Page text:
The problems of restricting the worldwide damage to the environment resulting from human economic activity and pandemics are extremely severe, complex and diverse. One set of critical challenges is to solve severe problems which damage people’s welfare in the poorer countries of the world in which the great majority of the world’s population live.These challenges are huge, extremely difficult but essential to be confronted and overcome quickly. They are all primarily political, But there are significant ways in which academics other than scientists can help to find solutions, some of which are discussed here.
1.Neglect of Basic Services Provision in Poor Countries
Basic infrastructural investment in poor countries – in particular investment in provision of clean water, adequate sanitation and electrical connection has been grossly neglected, as has the need for supply of healthy nutrition of poor people throughout the world.
About 2 billion people in poor countries have neither an electricity supply nor adequate sanitation, and about 1 billion lack a safe water supply. The principal reason for persistence of these problems is that no means have been found of financing the expenditure to create the infrastructure necessary to provide and run these essential basic services.
Between 1945 and 1990, many governments of poor countries used state-owned monopolies to provide these services. But these organizations made heavy losses which governments found impossible to finance, so they were not expanded further. Between 1990 and 1997, there was very rapid growth in privately financed infrastructure projects. Average annual private investment in poor countries’ basic infrastructure projects in the 1990s was about $60 billion per year. This was during a period in which private investment for infrastructure projects in developing countries was higher than it has ever been before or since. But after 1997, private investment dropped sharply as a consequence mainly of the understandable disappointment of private investors with the financial returns they had received from their investments. At the same time, critics of privately financed infrastructure suggested that access to services by poor people had become less affordable. (Harris, 2003, p.41). Grace Blakeley (2020) has suggested that very high priority should be given to a debt write off for the Global South. If this can be achieved by international agreement, ways could surely be found of linking debt write off to the financing of basic infrastructural investment in those countries.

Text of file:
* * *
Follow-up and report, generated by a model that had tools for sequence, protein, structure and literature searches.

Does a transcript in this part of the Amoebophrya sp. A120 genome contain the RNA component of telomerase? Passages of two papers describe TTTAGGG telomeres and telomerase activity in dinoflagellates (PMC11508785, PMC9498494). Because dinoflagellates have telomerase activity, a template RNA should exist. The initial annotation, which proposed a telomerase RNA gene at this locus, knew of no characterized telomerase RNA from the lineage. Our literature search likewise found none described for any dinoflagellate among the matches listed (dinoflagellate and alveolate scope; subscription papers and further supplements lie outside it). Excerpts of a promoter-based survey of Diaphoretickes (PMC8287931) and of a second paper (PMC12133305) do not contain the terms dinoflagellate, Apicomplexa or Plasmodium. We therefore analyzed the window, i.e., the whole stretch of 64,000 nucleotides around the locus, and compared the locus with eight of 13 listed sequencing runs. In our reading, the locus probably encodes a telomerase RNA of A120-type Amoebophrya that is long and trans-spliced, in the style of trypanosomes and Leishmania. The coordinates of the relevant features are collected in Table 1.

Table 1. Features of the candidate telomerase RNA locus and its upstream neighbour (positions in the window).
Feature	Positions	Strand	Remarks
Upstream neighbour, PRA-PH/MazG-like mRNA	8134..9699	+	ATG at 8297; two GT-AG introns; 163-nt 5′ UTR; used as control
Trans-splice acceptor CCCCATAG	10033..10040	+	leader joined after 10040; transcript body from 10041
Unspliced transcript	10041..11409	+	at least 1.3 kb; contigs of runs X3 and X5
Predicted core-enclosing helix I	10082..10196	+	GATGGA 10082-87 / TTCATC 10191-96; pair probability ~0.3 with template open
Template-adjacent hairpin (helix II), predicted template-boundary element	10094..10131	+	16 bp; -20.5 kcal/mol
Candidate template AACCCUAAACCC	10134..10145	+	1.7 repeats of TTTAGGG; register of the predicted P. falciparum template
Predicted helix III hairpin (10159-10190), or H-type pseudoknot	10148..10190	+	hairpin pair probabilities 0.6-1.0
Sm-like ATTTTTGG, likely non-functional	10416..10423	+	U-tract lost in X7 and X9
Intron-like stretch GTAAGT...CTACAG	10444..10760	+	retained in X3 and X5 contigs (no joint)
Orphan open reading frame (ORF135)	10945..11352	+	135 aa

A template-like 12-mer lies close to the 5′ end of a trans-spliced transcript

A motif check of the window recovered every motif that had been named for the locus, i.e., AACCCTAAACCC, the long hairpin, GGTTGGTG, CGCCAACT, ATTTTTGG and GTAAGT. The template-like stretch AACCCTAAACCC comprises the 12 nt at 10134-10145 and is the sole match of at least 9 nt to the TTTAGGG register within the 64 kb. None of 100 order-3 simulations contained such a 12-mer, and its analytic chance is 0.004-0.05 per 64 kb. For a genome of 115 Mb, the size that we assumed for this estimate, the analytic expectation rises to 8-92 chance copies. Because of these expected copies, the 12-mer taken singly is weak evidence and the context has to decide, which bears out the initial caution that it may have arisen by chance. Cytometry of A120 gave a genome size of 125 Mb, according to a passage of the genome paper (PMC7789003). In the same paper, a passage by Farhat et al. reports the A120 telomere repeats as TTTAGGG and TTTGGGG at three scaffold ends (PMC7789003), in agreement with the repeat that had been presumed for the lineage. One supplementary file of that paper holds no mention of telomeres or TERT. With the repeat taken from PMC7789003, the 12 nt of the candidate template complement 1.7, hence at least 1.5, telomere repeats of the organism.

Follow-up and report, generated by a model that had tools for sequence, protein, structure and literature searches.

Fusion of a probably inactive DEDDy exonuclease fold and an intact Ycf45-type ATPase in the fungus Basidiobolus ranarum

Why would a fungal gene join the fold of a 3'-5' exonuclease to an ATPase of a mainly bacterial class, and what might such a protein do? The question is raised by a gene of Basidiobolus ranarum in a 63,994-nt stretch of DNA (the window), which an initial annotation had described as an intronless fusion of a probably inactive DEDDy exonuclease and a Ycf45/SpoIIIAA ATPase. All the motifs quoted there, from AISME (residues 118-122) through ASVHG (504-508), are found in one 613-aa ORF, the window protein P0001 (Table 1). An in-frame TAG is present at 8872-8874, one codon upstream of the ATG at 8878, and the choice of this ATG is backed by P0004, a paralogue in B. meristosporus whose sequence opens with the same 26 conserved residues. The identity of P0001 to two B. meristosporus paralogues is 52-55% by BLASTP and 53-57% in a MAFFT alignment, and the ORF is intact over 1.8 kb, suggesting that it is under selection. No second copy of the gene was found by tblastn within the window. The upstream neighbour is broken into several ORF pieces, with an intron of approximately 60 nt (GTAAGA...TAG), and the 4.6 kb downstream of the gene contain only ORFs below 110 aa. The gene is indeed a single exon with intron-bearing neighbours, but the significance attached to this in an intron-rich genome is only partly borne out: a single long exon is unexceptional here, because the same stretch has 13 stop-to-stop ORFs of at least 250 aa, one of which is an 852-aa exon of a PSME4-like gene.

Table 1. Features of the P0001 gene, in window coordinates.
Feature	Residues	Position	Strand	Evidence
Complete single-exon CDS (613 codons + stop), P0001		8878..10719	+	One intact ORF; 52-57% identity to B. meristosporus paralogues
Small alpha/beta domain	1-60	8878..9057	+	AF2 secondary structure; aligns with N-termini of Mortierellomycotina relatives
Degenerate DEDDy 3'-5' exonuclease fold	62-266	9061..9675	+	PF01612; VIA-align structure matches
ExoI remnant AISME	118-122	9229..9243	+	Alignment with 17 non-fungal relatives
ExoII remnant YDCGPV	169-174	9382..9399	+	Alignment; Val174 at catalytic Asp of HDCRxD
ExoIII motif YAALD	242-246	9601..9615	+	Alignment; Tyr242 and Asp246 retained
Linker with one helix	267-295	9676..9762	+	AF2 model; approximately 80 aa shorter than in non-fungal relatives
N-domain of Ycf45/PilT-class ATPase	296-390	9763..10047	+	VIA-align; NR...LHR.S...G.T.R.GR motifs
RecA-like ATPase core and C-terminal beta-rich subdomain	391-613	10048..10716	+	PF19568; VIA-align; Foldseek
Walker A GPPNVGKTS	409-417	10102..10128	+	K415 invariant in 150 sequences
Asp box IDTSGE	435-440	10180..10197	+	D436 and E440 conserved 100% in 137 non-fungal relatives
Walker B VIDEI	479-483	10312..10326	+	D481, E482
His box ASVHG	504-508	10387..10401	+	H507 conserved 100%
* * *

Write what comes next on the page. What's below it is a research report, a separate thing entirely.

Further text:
2. Severe Deficiencies in Provision of Adequate Nutrition and Environmental Implications
About a third of global greenhouse emissions are now created by the industrial food system which includes agricultural production, land use change and deforestation, as well as processing, transport, packing and retailing.(Crippa,et al 2021). During the last century, the world’s agricultural and food system dominated by capitalism has indeed increased total food production immensely to attempt to cope with very rapid growth in the total world population. The rapid growth in human populations has also been facilitated by the growth in output from the world’s agricultural and food system. But many national systems have been converted to export-oriented agriculture, at the same time as countries have been forced to open their own markets to food imports, including imports dumped on them by US and EU companies at less than the cost of production. As a result, millions of small farmers have had their livelihoods destroyed. In contrast, very high proportions of the world food and agricultural industries – including seeds, pesticides and retailers – have been concentrated into the hands of very few major multinational corporations for many years.This is only in the interests of the those companies’ shareholders and entirely against the interests of consumers and workers.(Patel,2007,pp99-118 and Lakhani et al, 2021)
Capitalists influence policies at all levels. They control global food chains and those for non-food agricultural products, as well as markets for inputs, especially seeds. Too many consumers are forced to rely on industrially produced ‘cheap foods’. Globalized trade is defended and enforced by many states and multilateral agencies. Threats to production from climate change are intensifying and wreaking havoc on production in many of the world’s poorest regions. (Edelman et al, 2014, p. 927).
Many large capitalist farms use intensive production methods, often focusing on the use of monoculture. Increasingly they dominate agriculture world-wide. Capitalist corporations expel peasants and pastoralists from their land to secure large areas of land to produce food for export to rich countries or to produce crops to be converted into fuels. These farms require large inputs such as water, fertilizers and pesticides The top priority of the capitalist corporations who own these farms is to derive the maximum profit from their operations. The Bill & Melinda Gates Foundation has been one of the Foundations “with unprecedented financial power to shape the agricultural development agenda.” (Mc Keon 2015, 25) This Foundation has been one of many which has supported corporate sector interests including agricultural intensification. (McKeon, 2015).